Madeline Miller’s Circe: An Ode to Mortality and Womanhood

Circe Madeline Miller
Madeline Miller’s Circe

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With such dazzling storytelling, it’s no surprise that Madeline Miller’s Circe has won itself multiple awards. 

Circe goes back to the roots of Western literature, Ancient Greek mythology. In particular, the tales of The Iliad and The Odyssey. In Odysseus’ travels, one of the islands he stops at is Aiaia, owned by a witch, or sorcerer, Circe. Miller takes this minor character and spins a tale out of her, from her birth to what happens after the Odyssey.

Circe is written in an ultra-addictive, contemporary voice that retains the grandeur of the Classics. The result is a luxuriant, highly enjoyable story that takes its time through multiple epics, yet at the same time remains an easy read. The novel spans a millennia or more, moving from Circe’s early years amongst the gods in her father Helios and grandfather Oceanos’ halls to the isolation of her island where she moves increasingly towards mortals as time goes on.

Miller pays homage to the traditions of Circe’s age, describing the gods’ timelessness in lush prose, comparing the sound of their laughter to water bubbling over rocks, their movements to wind among grasses. It is rare nowadays to find a contemporary novel that offers the indulgence of the Classics.

In the beginning, Circe is awed by the gods’ immortality. She spends several lifetimes trying to win her father’s favour, while she is scorned by her fellow nymphs.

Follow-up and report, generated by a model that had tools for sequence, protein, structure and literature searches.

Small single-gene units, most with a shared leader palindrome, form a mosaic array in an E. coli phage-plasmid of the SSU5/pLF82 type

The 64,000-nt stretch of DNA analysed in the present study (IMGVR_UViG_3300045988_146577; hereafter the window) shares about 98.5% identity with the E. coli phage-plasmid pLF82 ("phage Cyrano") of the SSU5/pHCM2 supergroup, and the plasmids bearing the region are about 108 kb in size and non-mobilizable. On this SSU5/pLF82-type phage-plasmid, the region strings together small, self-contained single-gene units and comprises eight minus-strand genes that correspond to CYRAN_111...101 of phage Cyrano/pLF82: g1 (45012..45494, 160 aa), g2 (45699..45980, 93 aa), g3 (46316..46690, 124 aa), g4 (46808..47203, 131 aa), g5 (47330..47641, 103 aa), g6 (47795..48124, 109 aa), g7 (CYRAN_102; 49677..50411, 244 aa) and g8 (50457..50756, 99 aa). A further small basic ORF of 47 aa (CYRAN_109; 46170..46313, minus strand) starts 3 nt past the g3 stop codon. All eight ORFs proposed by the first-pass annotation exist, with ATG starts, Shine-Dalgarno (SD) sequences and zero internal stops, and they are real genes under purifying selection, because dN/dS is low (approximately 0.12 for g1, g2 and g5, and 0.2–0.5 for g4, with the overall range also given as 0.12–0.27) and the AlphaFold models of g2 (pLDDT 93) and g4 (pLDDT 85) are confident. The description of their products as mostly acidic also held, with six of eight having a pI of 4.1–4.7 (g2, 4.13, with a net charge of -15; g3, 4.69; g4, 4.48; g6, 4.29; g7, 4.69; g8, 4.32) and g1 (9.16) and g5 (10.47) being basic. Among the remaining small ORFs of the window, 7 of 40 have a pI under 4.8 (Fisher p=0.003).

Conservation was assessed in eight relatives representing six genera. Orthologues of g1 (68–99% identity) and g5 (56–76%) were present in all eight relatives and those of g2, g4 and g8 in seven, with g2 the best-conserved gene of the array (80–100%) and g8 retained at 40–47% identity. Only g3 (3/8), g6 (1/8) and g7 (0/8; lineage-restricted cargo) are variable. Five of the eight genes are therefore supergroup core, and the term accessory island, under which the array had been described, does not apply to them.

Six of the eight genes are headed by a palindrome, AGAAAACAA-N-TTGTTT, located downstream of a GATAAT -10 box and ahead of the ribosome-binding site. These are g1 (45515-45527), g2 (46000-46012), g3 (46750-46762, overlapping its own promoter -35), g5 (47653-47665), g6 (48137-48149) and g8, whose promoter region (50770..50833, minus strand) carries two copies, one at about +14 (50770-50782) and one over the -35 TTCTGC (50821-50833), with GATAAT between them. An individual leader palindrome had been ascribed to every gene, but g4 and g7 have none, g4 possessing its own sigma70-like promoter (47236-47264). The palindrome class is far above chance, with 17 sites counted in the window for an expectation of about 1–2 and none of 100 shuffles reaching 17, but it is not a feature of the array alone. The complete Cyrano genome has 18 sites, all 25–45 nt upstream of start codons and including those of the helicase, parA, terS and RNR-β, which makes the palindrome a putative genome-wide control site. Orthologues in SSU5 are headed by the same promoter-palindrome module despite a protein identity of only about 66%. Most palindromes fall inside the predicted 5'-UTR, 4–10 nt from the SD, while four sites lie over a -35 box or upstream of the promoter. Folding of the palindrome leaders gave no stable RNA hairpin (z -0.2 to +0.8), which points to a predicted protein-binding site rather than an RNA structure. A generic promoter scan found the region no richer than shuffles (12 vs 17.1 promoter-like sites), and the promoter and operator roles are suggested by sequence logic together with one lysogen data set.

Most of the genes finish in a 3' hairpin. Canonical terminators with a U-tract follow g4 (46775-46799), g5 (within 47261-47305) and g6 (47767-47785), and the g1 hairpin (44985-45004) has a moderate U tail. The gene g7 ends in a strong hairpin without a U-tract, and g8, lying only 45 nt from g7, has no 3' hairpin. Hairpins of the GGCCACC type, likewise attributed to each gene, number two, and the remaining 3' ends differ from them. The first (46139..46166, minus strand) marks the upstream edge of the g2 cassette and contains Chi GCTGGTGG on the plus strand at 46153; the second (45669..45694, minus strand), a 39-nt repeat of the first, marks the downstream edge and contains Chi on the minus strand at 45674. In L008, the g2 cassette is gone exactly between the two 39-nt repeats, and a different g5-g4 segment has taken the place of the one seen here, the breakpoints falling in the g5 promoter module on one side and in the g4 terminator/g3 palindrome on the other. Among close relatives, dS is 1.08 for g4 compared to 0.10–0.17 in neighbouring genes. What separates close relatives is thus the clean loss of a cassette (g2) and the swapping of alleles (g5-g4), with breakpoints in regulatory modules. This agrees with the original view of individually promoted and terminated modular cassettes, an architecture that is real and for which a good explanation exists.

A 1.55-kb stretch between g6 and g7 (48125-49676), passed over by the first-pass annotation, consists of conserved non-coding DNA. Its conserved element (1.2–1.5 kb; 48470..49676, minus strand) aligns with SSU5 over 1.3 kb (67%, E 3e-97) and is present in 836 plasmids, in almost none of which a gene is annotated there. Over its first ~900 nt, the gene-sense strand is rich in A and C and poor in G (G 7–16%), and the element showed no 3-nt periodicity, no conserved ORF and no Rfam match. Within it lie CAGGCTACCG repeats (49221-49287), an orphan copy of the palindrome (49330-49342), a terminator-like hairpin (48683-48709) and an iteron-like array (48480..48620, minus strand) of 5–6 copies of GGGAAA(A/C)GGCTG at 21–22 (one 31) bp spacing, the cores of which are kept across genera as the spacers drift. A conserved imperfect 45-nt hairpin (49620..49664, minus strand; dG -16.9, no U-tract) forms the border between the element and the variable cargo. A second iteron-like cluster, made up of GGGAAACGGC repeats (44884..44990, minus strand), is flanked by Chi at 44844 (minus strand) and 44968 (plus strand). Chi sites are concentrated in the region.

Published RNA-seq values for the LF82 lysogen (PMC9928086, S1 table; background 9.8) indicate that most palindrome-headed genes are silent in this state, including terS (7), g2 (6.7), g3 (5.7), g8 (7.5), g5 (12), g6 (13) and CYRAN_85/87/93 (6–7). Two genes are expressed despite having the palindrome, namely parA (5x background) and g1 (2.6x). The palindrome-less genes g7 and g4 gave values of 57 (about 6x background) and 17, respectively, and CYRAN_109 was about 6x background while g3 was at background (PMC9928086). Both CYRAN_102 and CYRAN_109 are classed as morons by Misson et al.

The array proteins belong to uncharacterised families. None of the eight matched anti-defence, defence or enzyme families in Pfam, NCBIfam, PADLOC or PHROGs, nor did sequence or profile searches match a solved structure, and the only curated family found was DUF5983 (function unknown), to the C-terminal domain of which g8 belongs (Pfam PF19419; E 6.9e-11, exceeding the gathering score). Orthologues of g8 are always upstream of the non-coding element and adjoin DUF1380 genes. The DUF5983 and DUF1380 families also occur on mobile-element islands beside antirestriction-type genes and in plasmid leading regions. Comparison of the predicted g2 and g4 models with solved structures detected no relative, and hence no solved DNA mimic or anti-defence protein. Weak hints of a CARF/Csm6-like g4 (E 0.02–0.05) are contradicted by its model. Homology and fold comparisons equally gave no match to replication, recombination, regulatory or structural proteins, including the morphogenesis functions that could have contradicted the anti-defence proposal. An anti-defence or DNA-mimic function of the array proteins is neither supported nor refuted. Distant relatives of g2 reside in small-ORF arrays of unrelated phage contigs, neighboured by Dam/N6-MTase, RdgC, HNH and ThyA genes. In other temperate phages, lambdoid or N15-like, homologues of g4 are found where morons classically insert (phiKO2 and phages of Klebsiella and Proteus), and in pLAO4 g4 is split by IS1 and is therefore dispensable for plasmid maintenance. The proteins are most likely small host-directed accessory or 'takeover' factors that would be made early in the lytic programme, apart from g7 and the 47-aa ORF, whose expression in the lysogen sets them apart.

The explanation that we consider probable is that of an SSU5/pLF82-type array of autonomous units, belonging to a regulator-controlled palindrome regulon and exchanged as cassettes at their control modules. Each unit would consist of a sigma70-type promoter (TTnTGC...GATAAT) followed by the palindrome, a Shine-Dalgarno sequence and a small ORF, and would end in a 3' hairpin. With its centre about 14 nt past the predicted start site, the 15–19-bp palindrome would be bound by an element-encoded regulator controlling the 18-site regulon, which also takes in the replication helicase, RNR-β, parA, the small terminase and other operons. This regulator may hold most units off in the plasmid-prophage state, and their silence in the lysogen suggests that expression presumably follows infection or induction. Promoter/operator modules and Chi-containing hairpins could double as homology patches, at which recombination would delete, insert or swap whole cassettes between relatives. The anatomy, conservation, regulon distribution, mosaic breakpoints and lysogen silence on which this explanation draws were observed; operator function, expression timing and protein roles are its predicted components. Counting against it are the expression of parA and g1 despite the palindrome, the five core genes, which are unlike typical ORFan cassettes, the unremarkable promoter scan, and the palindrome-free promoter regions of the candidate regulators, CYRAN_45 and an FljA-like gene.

As the novel progresses, Circe discovers witchcraft, and in particular, her talent at transforming things. In a fit of jealousy, Circe turns a fellow nymph, Scylla, into a monstrous, octopus-like figure who spends the next several hundred years eating the crew of any ship that passes her cave.

All these are well-known Classical events—the difference is that Miller takes us into Circe’s head, makes her the protagonist of her own story.

Beyond The Odyssey, not much is known of Circe. This is where Miller works her magic.

A major theme throughout the many stories in Circe is her perception of mortality as well as feminism.

Through Circe, the Ancient gods are humanised, even humbled. We see repeatedly their pride and callousness with mortals and with one another. In Classical literature, these traits are seen as symptomatic of godliness—the utter disdain for weakness, for life. But with Circe, she sees how their license for pettiness marks them as childish; their immortality the cause of their inability to treasure anything. In contrast, the fragility of mortals makes them kind, warm and all the more alive for their mortality. Mortals bow to her, but Circe envies them. As Odysseus’ remarks, Circe is a god who most disdains her immortality.

One of The Odyssey’s morals is guarding against the sheer ugliness of humanity that would destroy them. If not for the gods’ constant intervention, humanity’s own weaknesses and avarice would have wiped itself out. Even Odysseus, in his heroism, cannot control his pride. In the beginning of Circe, Circe scorns people too. Her time among the gods makes men look pitiful and washed out when she encounters them. Yet, after several centuries of exile, she starts to see that the opposite is true. Men, with their scars and lines are what she longs for. The novel sings praises of imperfection as a rare, treasured grace. The diction changes—immortality becomes a tired burden, humanness a blessing.

“I thought once that gods are the opposite of death, but I see now they are more dead than anything, for they are unchanging, and can hold nothing in their hands.”

Madeline Miller, Circe

In the end, Circe longs for mortality, searches it out, and finds herself in it. 

Secondly, Circe addresses the misogyny and patriarchy in The Iliad and The Odyssey.